Yazan Awad, a 19-year-old family friend helping Mr. Mahmoud, said the social media posts of those in his circle were dominated by Raptors talk.
Would that be the case if the Toronto Maple Leafs, who have the same owners and play in the same arena as the Raptors, were now in the Stanley Cup finals?
“I don’t think so, to be honest,” he said. “Maybe a couple of them, but most people would not be as pumped as this.”
At Walter Saunders Memorial Park, in an ethnically diverse Toronto neighborhood, Jessie Rarang, a 19-year-old-son of immigrants from the Philippines, was one of about two dozen teenage boys and girls playing pickup games on a uneven, unmarked court.
“The fact that everybody is coming together to root for one thing is pretty cool,” Mr. Rarang said, of his hopes for the Raptors. “We never had that around basketball before.”
He said most people he knew preferred basketball to hockey because “not a lot of people can afford that equipment.” He said, “Basketball is a lot cheaper and easier to get into than hockey.”
Mr. Nguyen, a friend and teammate in the pickup game, which included a player with one arm, said it was not just the cost: He simply does not relate to hockey.
P. K. Subban, one of the few black players in the National Hockey League, is a proud son of Toronto. But hockey’s most prominent spokesman, the 85-year-old television commentator and former coach Don Cherry, has a history of making acerbic comments about foreign-born players, and even French Canadians, on the benches of that overwhelming white sport.
The Raptors’ “global ambassador” is the rapper Drake. He is the son of an African-American musician from Memphis and a Jewish-Canadian educator who is known for lyrics about personal emotional challenges.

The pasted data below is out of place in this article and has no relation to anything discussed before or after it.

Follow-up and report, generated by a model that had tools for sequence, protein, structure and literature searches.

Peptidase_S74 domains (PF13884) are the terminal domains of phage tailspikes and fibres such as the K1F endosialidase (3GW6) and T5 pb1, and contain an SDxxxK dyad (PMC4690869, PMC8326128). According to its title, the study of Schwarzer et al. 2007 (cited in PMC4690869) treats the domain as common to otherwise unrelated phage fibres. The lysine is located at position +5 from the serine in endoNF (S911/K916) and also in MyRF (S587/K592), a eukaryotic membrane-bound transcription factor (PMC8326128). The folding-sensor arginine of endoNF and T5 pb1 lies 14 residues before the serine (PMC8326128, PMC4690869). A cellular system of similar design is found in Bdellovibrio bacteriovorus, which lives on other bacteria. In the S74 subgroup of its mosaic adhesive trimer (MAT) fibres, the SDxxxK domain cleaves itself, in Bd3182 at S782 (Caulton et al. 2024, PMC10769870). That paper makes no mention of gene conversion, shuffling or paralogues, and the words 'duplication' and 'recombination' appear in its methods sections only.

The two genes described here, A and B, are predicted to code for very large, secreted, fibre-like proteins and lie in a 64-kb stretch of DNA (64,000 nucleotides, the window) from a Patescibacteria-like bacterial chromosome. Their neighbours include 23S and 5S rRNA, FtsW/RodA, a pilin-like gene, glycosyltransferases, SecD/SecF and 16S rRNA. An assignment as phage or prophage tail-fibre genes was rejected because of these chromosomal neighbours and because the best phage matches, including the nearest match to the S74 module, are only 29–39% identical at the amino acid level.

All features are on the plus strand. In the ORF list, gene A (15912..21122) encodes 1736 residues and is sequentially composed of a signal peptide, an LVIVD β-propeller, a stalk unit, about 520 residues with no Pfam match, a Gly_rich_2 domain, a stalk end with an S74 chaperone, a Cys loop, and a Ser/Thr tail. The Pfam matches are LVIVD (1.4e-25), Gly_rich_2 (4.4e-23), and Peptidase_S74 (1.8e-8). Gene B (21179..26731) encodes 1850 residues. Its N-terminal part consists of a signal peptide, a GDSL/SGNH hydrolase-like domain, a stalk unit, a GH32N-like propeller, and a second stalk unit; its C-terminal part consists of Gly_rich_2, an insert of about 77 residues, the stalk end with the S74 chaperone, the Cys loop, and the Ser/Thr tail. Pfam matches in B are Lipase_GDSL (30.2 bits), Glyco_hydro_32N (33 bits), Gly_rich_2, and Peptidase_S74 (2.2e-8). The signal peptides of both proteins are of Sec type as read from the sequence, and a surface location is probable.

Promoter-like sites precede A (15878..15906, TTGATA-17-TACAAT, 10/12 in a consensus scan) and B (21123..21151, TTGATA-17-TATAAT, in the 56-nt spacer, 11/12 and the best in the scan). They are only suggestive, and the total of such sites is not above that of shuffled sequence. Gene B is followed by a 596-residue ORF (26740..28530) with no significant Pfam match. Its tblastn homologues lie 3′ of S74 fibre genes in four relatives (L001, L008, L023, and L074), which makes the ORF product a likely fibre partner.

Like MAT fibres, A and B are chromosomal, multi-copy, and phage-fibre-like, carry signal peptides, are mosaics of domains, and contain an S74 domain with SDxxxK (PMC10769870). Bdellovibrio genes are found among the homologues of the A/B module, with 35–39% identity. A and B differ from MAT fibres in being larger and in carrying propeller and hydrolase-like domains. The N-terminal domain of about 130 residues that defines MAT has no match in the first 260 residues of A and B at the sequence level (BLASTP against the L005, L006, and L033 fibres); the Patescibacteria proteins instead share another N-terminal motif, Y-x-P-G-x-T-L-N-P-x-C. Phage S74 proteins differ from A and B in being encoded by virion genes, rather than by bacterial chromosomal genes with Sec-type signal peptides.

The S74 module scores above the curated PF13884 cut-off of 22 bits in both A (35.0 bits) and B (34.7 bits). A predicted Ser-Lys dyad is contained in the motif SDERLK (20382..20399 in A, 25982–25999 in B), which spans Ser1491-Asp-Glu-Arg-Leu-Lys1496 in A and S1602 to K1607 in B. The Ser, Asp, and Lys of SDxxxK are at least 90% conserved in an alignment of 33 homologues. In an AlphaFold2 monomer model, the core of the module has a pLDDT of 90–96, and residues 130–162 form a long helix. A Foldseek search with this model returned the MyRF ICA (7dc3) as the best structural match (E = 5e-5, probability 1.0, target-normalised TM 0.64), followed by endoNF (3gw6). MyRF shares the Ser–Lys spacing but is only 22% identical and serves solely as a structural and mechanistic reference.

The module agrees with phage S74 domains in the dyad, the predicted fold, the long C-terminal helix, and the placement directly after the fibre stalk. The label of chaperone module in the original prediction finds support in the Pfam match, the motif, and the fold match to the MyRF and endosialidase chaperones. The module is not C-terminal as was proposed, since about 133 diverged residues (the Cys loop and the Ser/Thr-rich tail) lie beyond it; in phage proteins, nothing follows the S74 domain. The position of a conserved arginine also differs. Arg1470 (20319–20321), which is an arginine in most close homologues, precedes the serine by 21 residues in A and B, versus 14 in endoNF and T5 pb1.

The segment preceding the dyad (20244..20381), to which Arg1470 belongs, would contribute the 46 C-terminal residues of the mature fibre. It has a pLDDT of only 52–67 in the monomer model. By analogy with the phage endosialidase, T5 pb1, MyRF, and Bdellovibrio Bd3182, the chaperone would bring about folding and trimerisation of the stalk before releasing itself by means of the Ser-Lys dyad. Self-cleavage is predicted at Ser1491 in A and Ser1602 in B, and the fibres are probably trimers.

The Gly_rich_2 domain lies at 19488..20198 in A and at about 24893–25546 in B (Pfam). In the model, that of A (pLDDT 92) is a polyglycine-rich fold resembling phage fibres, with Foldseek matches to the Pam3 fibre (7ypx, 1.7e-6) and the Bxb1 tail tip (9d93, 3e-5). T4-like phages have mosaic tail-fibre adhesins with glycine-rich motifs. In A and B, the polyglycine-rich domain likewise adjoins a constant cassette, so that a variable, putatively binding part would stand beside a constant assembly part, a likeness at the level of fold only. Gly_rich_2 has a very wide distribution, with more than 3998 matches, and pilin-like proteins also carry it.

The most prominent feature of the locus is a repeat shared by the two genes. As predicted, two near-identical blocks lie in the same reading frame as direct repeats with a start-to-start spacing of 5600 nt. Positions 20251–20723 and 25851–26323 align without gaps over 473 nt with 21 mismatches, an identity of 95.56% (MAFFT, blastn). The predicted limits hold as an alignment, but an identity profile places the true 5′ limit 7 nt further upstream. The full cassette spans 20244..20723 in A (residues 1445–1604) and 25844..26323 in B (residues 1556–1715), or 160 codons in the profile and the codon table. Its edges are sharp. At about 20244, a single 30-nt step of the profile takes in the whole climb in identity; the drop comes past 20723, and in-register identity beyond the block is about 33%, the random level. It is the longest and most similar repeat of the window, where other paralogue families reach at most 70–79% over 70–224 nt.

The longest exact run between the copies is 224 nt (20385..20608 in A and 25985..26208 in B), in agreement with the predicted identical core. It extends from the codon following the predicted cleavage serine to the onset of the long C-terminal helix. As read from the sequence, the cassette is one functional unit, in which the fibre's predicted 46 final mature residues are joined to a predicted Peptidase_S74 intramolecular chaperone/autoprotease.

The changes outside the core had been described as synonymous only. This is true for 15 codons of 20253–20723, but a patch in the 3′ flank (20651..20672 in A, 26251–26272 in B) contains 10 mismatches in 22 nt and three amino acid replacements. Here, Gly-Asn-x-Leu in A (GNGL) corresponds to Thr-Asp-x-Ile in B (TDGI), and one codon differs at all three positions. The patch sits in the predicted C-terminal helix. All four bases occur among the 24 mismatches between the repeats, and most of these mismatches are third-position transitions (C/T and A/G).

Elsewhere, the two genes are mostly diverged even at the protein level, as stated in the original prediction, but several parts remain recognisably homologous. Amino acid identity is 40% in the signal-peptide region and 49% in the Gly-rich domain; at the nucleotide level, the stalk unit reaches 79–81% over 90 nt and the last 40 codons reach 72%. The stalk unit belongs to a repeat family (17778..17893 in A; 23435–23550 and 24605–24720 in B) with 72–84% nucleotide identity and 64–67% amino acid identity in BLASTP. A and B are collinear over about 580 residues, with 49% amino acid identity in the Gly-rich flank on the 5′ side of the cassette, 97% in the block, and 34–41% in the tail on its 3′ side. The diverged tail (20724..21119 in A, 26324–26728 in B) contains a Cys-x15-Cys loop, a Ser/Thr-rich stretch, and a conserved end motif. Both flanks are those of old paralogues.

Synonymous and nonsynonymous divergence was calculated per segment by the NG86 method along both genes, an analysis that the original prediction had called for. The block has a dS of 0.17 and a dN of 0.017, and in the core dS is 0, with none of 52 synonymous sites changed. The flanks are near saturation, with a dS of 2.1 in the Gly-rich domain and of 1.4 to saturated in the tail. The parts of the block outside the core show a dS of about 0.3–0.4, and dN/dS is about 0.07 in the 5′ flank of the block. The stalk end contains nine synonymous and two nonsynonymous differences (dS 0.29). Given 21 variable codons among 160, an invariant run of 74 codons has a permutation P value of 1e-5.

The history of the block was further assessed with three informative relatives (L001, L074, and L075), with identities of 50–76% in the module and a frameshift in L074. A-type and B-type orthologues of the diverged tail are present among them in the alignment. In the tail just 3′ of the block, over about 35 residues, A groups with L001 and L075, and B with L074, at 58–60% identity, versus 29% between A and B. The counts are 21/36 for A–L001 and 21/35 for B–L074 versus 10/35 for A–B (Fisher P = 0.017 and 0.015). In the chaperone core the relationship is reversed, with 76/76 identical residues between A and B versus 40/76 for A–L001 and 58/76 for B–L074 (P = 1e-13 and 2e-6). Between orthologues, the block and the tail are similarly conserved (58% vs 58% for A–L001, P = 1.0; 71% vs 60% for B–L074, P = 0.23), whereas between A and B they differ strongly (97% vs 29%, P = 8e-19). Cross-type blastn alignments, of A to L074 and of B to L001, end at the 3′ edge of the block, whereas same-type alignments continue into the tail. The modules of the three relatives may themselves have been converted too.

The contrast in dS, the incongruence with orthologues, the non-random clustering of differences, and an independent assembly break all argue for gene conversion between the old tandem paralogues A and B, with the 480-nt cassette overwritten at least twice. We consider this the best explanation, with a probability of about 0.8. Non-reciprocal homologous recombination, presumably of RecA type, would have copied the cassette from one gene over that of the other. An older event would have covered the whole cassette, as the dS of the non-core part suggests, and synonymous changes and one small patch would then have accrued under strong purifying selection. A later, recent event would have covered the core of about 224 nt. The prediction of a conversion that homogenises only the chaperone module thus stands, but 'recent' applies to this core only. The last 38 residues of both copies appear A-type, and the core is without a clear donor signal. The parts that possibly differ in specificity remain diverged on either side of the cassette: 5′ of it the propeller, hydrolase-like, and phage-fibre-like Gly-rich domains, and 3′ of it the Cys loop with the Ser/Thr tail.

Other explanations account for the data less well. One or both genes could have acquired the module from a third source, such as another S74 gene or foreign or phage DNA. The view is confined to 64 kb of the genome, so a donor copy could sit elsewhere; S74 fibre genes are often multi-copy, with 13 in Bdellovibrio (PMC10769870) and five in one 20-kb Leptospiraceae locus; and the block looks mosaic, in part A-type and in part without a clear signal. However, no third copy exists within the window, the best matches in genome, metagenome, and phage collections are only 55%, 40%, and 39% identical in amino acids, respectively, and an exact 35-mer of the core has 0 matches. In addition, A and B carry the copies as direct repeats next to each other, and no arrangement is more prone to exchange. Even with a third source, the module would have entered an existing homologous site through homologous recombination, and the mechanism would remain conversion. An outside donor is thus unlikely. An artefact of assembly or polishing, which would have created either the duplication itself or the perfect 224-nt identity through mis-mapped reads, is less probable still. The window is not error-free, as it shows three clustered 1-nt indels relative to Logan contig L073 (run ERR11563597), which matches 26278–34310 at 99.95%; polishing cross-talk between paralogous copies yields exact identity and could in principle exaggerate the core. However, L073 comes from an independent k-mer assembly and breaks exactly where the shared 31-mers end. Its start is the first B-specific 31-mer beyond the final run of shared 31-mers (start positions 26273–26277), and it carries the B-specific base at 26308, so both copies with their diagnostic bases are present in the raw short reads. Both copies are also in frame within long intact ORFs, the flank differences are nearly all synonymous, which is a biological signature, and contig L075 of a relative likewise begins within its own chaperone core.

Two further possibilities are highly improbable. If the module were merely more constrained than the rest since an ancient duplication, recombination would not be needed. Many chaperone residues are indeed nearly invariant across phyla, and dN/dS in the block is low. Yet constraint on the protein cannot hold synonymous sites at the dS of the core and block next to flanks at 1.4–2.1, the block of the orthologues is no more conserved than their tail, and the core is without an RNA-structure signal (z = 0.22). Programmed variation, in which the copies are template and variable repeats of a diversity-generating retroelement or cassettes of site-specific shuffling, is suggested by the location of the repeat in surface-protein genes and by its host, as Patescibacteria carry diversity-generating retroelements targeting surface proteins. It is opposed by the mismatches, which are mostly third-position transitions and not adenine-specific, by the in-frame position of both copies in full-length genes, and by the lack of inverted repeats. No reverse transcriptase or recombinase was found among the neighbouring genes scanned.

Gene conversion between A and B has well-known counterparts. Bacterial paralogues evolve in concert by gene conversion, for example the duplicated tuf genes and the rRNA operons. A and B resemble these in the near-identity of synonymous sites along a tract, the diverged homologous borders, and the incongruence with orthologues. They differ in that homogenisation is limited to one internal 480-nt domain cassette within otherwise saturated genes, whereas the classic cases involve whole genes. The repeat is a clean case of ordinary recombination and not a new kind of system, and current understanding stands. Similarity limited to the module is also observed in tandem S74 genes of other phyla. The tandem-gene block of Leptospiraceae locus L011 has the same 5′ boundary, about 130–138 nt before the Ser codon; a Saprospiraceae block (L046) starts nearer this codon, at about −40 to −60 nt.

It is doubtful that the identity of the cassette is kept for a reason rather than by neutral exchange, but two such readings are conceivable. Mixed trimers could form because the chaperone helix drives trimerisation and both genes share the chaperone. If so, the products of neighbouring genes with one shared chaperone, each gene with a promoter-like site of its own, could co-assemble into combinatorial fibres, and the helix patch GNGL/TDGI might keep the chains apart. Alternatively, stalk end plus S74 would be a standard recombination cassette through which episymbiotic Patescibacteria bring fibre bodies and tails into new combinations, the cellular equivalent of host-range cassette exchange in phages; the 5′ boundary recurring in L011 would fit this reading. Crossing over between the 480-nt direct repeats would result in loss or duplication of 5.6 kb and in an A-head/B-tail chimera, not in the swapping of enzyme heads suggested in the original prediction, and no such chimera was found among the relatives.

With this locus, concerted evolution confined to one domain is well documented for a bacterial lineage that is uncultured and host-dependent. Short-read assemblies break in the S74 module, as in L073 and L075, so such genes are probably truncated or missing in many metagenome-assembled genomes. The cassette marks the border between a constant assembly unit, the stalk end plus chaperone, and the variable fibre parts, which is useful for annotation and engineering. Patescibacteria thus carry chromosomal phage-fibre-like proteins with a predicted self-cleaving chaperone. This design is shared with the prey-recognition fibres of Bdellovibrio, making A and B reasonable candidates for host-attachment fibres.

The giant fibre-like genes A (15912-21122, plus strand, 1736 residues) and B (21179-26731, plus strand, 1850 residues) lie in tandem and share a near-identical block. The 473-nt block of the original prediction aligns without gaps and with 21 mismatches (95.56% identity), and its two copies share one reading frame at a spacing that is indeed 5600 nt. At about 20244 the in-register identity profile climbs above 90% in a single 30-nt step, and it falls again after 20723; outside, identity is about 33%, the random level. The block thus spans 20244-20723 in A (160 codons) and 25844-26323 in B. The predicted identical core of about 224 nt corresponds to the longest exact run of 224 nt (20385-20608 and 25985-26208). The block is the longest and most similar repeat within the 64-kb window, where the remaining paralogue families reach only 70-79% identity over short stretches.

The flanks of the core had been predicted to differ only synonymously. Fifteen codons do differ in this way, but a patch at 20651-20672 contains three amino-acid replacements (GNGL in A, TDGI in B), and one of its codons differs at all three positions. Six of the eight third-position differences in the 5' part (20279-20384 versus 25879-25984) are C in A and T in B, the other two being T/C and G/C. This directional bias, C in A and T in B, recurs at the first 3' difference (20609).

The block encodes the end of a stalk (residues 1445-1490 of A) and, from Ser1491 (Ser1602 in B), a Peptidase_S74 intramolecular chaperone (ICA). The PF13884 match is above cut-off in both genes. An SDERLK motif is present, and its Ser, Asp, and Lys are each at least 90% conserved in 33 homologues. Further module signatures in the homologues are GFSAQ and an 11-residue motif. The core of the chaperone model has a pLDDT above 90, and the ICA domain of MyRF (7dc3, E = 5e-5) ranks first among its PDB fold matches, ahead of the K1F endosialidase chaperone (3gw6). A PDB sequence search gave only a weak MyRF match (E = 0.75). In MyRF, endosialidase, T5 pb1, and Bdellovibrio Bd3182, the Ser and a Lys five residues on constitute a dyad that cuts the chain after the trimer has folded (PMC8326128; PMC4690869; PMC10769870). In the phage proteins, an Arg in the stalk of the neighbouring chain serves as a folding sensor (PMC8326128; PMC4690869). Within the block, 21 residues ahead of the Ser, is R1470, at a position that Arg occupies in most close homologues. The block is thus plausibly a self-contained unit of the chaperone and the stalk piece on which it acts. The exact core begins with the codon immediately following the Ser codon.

John and Mario Couto, brothers whose parents emigrated from Portugal, are examples of perhaps a classic Canadian compromise, long following both the Leafs and the Raptors. They couldn’t be more delighted by the prospect that basketball could deliver the success hockey has denied the city for decades.
“I haven’t paid attention at work in over a month,” said John, a 26-year-old manager at a online grocery service. “I’ve been late, and my boss knows what it is. This is once in a lifetime.”
The top prices demanded for playoff tickets mean that few Torontoians have been able to afford to experience the Raptors’ glory in person. Their proxy is a comparatively small area outside the arena with a giant television. It’s known as Jurassic Park.
On Sunday evening about two dozen people were camped out in its holding area more than 24 hours before the game. They included one man with an inventive tent and cot combination and another, well into middle age, sleeping under a plastic poncho as traffic roared on a nearby road and an elevated expressway above.
Sam Gencher, a 19-year-old student from nearby Hamilton, Ontario, was among those waiting.
“I’m in full Raptors fan mode,” he said.
But, to pass the time, he was reading a book about hockey.
“The true Canadian spirit lies in the game of hockey,” he said, as a nearby Canadian Broadcasting Corporation crew prepared for a live report on its main nightly newscast. “As a good Canadian boy I’ve got to mix the two.”